Key Points

10 Questions for Chief Operating Officer, Steve Hansen

In this leadership interview, learn more about Legence’s Chief Operating Officer, Steve Hansen. Steve shares his career path from the boiler room to the board room, and his experience has influenced his leadership approach at the corporate level. Gain valuable insights on the essential principles for effective leadership, strategies for managing a portfolio of companies, trends in the data center industry,

1.      Can you share with us your career journey and what led you to your current role as Chief Operating Officer at Legence?

I guess you could say I went from the boiler room to the board room. My career started in 1988 as a Local 104 sheet metal apprentice in Northern CA at a residential HVAC company. I have always felt a need to fix things and quickly moved to the service side of the business. I came to Therma in 2001 as a Special Projects General Foreman, a division that did not exist at the time. It was with Therma that my career path changed from the field to Project Manager to Labor superintendent to Ops Manager and eventually President of the business. In 2021, I joined the Legence corporate team and took my current role as the COO.

2.      What is the most valuable piece of advice you've received in your career, and how has it shaped your approach to leadership and operations?

A valuable piece of advice that has stuck with me throughout the years actually came from my father. As far back as I can remember, whether it was regarding school, sports, or relationships, he would tell me “You get what you give”. I believe if we give our employees the tools, respect, and bandwidth to do what they do best, they will, and the company will, thrive as long as we as leaders are doing the same.

3.      Given how the industry has changed, what qualities do you think are most important for someone just starting out in the built environment?

Responsibility (own it every day), resilience (don’t let the bad days drag you down), tenacity (attack everything you do with passion), and the willingness to listen and grow (try to learn something new every day).

4.      Having worked at a Legence company before transitioning to the corporate level, what do you see as the common thread that ties the experiences together, and how has this perspective influenced your approach at the corporate level?

We are all the same! I think too often there is the perception of a divide between corporate and the business units—said differently, “it’s us against them”. Legence is a people business and I truly believe that “our power is our people” and that without the ~6,000 amazing employees performing for our customers daily, we would have nothing.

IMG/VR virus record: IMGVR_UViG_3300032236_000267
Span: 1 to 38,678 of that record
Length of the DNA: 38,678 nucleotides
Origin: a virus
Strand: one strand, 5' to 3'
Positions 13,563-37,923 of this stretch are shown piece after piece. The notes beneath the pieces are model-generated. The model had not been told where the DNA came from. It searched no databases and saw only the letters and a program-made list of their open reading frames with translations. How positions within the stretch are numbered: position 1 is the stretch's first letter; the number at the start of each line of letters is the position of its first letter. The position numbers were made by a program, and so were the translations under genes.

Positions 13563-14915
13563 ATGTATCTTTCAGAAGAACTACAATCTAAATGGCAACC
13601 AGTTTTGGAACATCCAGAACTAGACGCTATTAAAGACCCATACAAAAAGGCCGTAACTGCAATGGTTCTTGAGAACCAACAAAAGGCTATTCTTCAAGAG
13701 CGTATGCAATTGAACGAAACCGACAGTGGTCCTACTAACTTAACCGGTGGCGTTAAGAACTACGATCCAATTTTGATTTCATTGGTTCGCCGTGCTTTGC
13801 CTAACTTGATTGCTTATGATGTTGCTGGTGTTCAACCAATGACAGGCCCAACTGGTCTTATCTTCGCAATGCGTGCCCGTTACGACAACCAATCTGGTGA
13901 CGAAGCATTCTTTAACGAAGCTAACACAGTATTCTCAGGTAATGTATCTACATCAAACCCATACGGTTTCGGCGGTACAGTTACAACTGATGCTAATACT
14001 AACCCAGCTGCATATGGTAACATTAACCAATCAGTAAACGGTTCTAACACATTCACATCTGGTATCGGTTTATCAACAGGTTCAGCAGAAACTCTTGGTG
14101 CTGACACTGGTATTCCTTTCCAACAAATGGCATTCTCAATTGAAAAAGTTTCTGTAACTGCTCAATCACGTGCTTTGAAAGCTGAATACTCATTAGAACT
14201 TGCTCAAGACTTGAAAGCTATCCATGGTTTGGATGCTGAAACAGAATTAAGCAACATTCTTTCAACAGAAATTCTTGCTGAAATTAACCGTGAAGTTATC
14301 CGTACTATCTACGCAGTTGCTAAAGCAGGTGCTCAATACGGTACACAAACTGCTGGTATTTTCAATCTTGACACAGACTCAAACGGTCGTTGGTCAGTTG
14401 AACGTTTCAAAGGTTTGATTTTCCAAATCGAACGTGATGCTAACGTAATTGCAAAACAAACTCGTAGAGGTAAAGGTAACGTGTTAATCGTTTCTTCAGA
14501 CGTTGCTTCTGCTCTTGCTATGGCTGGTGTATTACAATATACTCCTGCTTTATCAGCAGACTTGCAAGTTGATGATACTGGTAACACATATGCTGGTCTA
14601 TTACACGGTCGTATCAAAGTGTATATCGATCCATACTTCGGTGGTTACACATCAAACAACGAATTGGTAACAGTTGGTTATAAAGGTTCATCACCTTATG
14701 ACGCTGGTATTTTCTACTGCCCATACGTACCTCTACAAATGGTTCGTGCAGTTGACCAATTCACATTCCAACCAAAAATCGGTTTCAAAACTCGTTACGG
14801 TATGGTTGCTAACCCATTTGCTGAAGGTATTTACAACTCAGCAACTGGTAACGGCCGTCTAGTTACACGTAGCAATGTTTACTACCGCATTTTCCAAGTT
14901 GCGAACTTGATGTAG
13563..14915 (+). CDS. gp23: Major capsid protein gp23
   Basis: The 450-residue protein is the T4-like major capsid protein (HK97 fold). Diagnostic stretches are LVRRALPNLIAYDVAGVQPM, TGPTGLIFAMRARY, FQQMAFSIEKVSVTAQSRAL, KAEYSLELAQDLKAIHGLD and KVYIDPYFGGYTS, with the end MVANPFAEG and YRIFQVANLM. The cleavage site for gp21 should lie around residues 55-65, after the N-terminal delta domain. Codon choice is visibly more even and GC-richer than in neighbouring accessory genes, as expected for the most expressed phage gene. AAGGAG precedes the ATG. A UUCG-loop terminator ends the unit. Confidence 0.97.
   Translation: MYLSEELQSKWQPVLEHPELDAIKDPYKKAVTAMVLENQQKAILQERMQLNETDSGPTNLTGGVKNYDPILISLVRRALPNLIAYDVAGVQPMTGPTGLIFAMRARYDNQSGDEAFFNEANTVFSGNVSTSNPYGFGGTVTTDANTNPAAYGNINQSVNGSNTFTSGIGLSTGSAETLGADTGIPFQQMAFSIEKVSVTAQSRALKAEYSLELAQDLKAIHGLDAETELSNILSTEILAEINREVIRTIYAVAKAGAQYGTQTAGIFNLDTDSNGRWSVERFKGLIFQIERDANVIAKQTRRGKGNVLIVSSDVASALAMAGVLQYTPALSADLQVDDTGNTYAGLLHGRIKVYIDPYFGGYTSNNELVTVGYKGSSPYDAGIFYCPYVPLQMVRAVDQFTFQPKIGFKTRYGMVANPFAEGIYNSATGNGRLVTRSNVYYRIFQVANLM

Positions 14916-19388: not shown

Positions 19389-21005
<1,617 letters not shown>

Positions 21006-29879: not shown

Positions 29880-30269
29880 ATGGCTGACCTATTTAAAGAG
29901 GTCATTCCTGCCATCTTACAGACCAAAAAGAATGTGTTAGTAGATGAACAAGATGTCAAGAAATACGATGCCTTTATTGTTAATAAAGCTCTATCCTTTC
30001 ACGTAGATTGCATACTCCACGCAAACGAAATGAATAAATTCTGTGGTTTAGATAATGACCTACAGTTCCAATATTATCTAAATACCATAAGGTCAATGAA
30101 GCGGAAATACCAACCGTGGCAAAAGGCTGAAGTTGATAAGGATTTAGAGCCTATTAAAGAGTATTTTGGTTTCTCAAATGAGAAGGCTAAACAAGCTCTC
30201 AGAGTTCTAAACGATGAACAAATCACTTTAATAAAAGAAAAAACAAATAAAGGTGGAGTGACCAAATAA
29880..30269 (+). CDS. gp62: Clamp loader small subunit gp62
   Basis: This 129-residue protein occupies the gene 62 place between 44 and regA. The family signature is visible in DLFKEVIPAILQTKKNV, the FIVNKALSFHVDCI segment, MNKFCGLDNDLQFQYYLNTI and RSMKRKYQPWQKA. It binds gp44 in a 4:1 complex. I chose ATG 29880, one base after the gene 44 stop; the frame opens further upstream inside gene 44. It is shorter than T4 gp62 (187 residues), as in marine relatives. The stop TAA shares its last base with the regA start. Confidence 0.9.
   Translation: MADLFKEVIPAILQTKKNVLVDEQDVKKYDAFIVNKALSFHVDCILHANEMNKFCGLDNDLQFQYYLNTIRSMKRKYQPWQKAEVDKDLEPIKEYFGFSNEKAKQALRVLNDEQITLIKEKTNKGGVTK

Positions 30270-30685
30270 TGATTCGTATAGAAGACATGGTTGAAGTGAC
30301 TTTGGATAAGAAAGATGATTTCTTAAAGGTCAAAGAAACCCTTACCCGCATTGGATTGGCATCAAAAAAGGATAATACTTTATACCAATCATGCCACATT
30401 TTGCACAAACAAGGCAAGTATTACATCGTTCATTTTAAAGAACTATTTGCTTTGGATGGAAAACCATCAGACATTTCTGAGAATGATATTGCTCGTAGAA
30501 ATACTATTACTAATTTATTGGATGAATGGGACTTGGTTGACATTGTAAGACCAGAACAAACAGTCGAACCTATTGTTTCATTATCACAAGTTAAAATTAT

5.      What are the core principles or values that you believe are essential for effective leadership?  

Honesty, integrity, humility, and open-mindedness are a few that come to mind. However, I believe leadership is a privilege, not a right, and one has to lead by example and earn the right to do so. I am honored and humbled daily by the responsibilities placed on me as a leader in this great organization.

6.      Managing a portfolio of companies working towards decarbonizing the built environment is a significant undertaking. What strategies do you find most effective in ensuring operational efficiency and alignment across diverse business units?

Communication and patience. In a relatively short time, we have amassed an incredible team built to take on the decarbonization challenge. That said, it is important that we do not try to “boil the ocean” all at once and lose sight of the objective. I am impressed every day with how this legion of companies have come together as a team and the progress we have made to date.

7.      How do you prioritize and promote safety within the workplace, and why is it so important in the operations of a company like Legence?

It is and always will be our number one priority and has to start with leadership at Legence and the business unit level. Coming from the field, I appreciate and understand the dangerous nature of the work our crews perform daily. Our goal at Legence is to send each and every one of our employees home safely to their families at the end of each day.

8.      There has been an uptick in the need for data centers recently. What are some emerging trends or future outlooks you foresee in the data center industry, and how is Legence positioning itself to stay ahead of these trends?

To say that the data center industry has exploded would be an understatement. Between AI and work-from-home requirements, data centers cannot be built fast enough. We have seen a push toward modularization of data center components and have been working with our customers to meet their ever-changing needs. Additionally, we have leveraged our fabrication facilities across geos to assist with keeping schedules where demand is highest. To meet future needs, we have also approved the build-out of an ~80K sq. ft. fabrication facility in Phoenix AZ that should be up and running by Q1-25.

9.      What are some projects you are most proud of, whether in your previous role with Therma or from a cross-collaboration perspective of Legence companies?

Let’s go with a recent Cross-Sell win driven by the great work being done with a confidential client by Legence companies VarcoMac and Bel-Aire. Therma, a Legence Company, was also recently awarded a large-scale fabrication project, the largest in the history of the company, that will be fabricated in the Bay Area and shipped to Fayetteville, GA.

10.  Outside of work, what activities or hobbies do you enjoy that help you maintain a work-life balance?

Pretty much anything outdoors. I am an avid backcountry archery hunter and fisherman. Ultimately, spending time with my family (wife, children, and dogs) keeps me grounded.

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